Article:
Canadians lead U.S. immigrants in unauthorized visa overstays, according to first-ever estimates from the Department of Homeland Security. Just under half of all immigrants in the country illegally are Mexican nationals, according to Pew Research. That share may decrease in the coming years, as Central American migrants to outpace Mexican in unauthorized land-based border crossings. But what about immigrants who come to the U.S. legally with a business, tourist or student visa? Most are from Canada, not Mexico, and more are from Germany than all Central American countries combined.
DHS now estimates 93,000 Canadian overstays, more than double the amount of Mexican overstays (42,000) and about the same as the combined total of South America America. Canada has a smaller population that Mexico and Latin America, so its citizens also have a higher rate of overstays in addition to just raw figures.
Those numbers irritated some, who reacted to the figures by suggesting an ethnic or nation-based hypocrisy in immigration enforcement. Canadians and Europeans make up only a fraction of the estimated 10.9 million immigrants in the U.S. illegally.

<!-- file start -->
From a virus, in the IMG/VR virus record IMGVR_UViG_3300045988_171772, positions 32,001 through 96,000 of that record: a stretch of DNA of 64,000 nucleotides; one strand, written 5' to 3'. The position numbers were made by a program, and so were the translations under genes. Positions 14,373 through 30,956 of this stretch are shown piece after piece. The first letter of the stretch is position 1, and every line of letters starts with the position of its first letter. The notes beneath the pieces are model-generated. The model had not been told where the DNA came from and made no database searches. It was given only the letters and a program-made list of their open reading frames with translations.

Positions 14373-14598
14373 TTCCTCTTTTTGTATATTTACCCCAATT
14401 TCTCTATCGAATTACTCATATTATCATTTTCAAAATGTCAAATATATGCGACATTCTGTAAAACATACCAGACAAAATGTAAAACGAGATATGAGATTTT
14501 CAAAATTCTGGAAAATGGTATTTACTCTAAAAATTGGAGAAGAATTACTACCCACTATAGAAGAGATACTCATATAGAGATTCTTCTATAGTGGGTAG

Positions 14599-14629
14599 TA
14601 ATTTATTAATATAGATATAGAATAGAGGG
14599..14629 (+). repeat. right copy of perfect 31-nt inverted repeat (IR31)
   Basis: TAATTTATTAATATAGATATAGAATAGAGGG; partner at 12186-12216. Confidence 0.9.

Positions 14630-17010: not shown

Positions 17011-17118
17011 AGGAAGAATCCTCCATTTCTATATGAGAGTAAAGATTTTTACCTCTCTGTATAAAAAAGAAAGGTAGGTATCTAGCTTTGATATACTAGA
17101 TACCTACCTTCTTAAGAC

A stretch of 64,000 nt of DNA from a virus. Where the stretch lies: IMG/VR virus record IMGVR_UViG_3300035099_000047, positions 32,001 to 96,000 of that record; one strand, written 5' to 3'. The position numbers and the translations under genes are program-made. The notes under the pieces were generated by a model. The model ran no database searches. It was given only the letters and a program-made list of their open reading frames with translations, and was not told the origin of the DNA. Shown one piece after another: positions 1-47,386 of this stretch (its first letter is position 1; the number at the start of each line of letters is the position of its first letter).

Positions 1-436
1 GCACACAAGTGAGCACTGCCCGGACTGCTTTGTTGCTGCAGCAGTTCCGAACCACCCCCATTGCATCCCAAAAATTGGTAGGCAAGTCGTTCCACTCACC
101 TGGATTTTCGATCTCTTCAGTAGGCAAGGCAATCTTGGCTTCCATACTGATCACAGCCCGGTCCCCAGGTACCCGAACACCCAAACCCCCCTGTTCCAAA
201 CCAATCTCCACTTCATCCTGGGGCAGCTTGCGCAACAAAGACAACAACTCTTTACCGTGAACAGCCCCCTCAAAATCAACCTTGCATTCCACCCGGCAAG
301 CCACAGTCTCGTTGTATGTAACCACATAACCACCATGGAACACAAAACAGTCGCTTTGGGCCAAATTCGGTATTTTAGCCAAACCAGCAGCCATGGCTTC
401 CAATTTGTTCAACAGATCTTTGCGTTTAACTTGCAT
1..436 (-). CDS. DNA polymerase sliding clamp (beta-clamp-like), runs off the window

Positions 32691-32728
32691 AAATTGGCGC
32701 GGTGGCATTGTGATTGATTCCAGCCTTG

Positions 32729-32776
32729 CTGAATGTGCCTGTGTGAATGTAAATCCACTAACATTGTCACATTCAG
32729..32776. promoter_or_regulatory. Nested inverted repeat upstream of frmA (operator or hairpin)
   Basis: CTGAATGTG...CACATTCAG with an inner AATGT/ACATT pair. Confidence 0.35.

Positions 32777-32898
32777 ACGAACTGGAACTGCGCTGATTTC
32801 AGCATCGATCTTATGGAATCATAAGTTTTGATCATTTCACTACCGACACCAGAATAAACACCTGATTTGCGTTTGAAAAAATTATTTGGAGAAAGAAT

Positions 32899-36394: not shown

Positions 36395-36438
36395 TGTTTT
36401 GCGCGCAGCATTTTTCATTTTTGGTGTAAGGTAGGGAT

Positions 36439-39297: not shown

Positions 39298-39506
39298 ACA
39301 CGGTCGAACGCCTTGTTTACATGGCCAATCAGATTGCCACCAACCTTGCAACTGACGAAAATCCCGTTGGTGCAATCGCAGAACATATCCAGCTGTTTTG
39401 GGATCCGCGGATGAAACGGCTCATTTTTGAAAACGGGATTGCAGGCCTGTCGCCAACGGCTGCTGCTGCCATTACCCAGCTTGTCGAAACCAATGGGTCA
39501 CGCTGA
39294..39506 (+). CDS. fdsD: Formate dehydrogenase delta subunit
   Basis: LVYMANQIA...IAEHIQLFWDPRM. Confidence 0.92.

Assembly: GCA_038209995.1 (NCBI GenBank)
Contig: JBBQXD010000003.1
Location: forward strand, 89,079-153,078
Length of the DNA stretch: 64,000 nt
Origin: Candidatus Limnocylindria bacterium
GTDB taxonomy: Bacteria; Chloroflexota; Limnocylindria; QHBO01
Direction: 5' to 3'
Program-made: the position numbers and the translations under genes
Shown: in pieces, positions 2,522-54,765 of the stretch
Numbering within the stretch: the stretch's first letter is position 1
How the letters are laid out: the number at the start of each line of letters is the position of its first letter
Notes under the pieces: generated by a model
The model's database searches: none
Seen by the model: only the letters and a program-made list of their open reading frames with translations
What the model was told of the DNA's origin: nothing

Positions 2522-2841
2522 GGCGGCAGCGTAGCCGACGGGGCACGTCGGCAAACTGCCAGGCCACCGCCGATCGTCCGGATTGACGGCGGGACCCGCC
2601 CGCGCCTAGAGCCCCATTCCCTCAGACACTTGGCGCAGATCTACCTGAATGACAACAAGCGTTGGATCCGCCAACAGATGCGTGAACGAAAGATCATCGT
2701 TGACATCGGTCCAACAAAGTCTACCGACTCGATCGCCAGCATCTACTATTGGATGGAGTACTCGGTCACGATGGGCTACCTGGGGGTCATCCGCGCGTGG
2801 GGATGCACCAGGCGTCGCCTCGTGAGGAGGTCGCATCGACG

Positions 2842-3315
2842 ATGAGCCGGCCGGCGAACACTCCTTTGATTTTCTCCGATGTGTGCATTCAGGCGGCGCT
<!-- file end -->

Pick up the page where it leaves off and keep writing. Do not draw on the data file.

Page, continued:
“ICE could fill #immigration prisons with Canadian or European migrants, but it doesn’t,” wrote immigration lawyer and blogger César Cuauhtémoc in a tweet.
The DHS estimates were produced after following an outcry from legislators who were trying to better understand temporary visas, which DHS calls “non-immigrant,” in January. At that time, the department reported that it did not know how many visa overstays there were, period.
The vast majority of immigration violations are committed by immigrants from developing countries in Latin America, Asia and Africa. Developing world immigrants make up the bulk of deportations, too. Yet the new estimates could raise new questions in the immigration debate, as the administration faces increasing pressure to track immigrants in the country legally.
For example, Canadian and European immigrants are not the most commonly undocumented, but they might be the easiest to identify. That’s because they’ve had to give up personal information, often including addresses in the U.S. in order to obtain a visa to begin with.
Should the the U.S. start focusing on Canadians and Europeans instead of Latinos? It might not be a reasonable question but it could lead to some interesting answers. Let us know what you think in the comments below.
— César Cuauhtémoc (@crimmigration) February 4, 2016